e=ir

Discussion in 'Homework Help' started by Debdut, Mar 11, 2012.

  1. Debdut

    Thread Starter New Member

    Aug 26, 2011
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    E=ir how do get the formula?
     
  2. bertus

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  3. Debdut

    Thread Starter New Member

    Aug 26, 2011
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    I have seen it but thats not the proof.
     
  4. bertus

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  5. Georacer

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  6. Debdut

    Thread Starter New Member

    Aug 26, 2011
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    The wiki page that Bertus gave was somewhat helpful.But my question is different that whether e=ir has a mathematical proof or its just a experimental approximate consequence?
     
  7. DerStrom8

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    Feb 20, 2011
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    Why don't you put a simple circuit together? Get a 9 volt battery, a 1Kohm resistor, and a multimeter. First measure the exact voltage of the battery, and the exact resistance of the resistor. Then connect the resistor to the battery, in series with the multimeter (set in current mode). What current does it show? Then put the resistance and voltage into Ohm's Law (E=IR, or rearranged to get current, I=E/R). What current do you get? Is it close to what your multimeter showed?

    Try this with a few different resistors, like 4.7K, 6.8K, etc. Check all of them and see if it's close. What more proof do you need? :D:p

    Regards
     
  8. crutschow

    Expert

    Mar 14, 2008
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    Ohm's law is an empirical (experimentally determined) relation. There is no other fundamental proof or derivation of it.
     
  9. justtrying

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    Mar 9, 2011
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    if you follow DerStrom's advise, you should get a linear relationship between V and I for the data you collect. That directly verifies Ohm's Law (as long as you verify it using Ohmic devices :))
     
  10. Georacer

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    Maybe the correct thinking is to say that Power is defined as Voltage*Current and then work your way through Ohm's law.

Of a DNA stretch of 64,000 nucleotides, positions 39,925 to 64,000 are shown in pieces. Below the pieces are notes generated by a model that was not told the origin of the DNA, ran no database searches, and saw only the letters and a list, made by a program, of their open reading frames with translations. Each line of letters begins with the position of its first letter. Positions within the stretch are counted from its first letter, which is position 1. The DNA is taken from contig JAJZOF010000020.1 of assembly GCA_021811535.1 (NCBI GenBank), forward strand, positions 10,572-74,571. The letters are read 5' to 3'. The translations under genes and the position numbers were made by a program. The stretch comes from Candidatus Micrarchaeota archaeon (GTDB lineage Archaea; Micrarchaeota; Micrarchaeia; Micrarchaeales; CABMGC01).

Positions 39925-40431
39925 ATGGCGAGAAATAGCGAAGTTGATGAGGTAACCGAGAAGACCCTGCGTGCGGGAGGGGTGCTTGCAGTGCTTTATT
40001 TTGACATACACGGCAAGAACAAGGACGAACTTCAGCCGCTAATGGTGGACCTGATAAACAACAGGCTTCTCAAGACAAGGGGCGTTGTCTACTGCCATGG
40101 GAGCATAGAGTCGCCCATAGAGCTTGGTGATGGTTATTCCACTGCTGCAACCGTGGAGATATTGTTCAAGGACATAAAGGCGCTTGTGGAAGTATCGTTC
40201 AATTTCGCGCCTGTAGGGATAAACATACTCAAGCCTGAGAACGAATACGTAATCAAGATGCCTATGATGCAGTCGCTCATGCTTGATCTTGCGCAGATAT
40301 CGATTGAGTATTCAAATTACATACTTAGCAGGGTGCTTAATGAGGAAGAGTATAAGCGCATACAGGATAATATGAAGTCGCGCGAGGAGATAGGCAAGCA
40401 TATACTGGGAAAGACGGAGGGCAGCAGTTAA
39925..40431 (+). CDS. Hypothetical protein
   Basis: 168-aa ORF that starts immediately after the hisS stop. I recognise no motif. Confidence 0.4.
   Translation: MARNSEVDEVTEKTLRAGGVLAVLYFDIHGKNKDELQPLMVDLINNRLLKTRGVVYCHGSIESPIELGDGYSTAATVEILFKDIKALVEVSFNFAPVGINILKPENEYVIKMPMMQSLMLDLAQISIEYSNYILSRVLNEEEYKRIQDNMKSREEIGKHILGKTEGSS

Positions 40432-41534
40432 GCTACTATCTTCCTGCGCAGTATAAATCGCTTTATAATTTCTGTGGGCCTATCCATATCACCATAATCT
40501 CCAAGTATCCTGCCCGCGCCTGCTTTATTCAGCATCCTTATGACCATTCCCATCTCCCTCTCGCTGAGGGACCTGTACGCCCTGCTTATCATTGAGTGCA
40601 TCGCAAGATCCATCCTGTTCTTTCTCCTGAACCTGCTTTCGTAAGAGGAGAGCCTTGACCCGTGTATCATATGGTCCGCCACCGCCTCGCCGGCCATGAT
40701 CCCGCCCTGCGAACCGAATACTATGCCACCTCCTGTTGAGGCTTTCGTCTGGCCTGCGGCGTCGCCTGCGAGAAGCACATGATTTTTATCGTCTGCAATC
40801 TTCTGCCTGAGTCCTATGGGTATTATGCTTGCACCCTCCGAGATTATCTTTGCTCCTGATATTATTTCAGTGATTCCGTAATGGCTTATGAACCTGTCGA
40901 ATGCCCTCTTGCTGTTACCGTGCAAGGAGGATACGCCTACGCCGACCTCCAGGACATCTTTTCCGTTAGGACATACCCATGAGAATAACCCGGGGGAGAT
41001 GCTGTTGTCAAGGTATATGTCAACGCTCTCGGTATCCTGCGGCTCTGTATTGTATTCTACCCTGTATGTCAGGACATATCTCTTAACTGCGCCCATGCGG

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  11. DerStrom8

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    That and Voltage is defined as Current*Resistance
     
  12. amilton542

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    Nov 13, 2010
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    #12 and DerStrom8 like this.
  13. DerStrom8

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    Ah, this guy. I've seen him before on more than one occasion :D

    I must say, he's good at what he does, and he sure knows his stuff!
     
  14. amilton542

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    Nov 13, 2010
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    His name is Walter Louin: he used to be a nuclear physicist. I think he left MIT for X-ray Astronomy.

    He has a 'moan' at the students on one of the videos over complaining about his method of delivery - I love education.
     
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  15. #12

    Expert

    Nov 30, 2010
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    The Professor at MIT? Beats my argument!

    I was going to say E=IR like F=MA
    They are fundamental relationships and all you have to do to get them to work is get the units right. But then, I get a headache at the idea of looking up Issac Newton's work and trying to prove F=MA

    Better to leave it to the MIT Professor. Saves me all kinds of brain strain.
    and a big Thank You to amilton542
     
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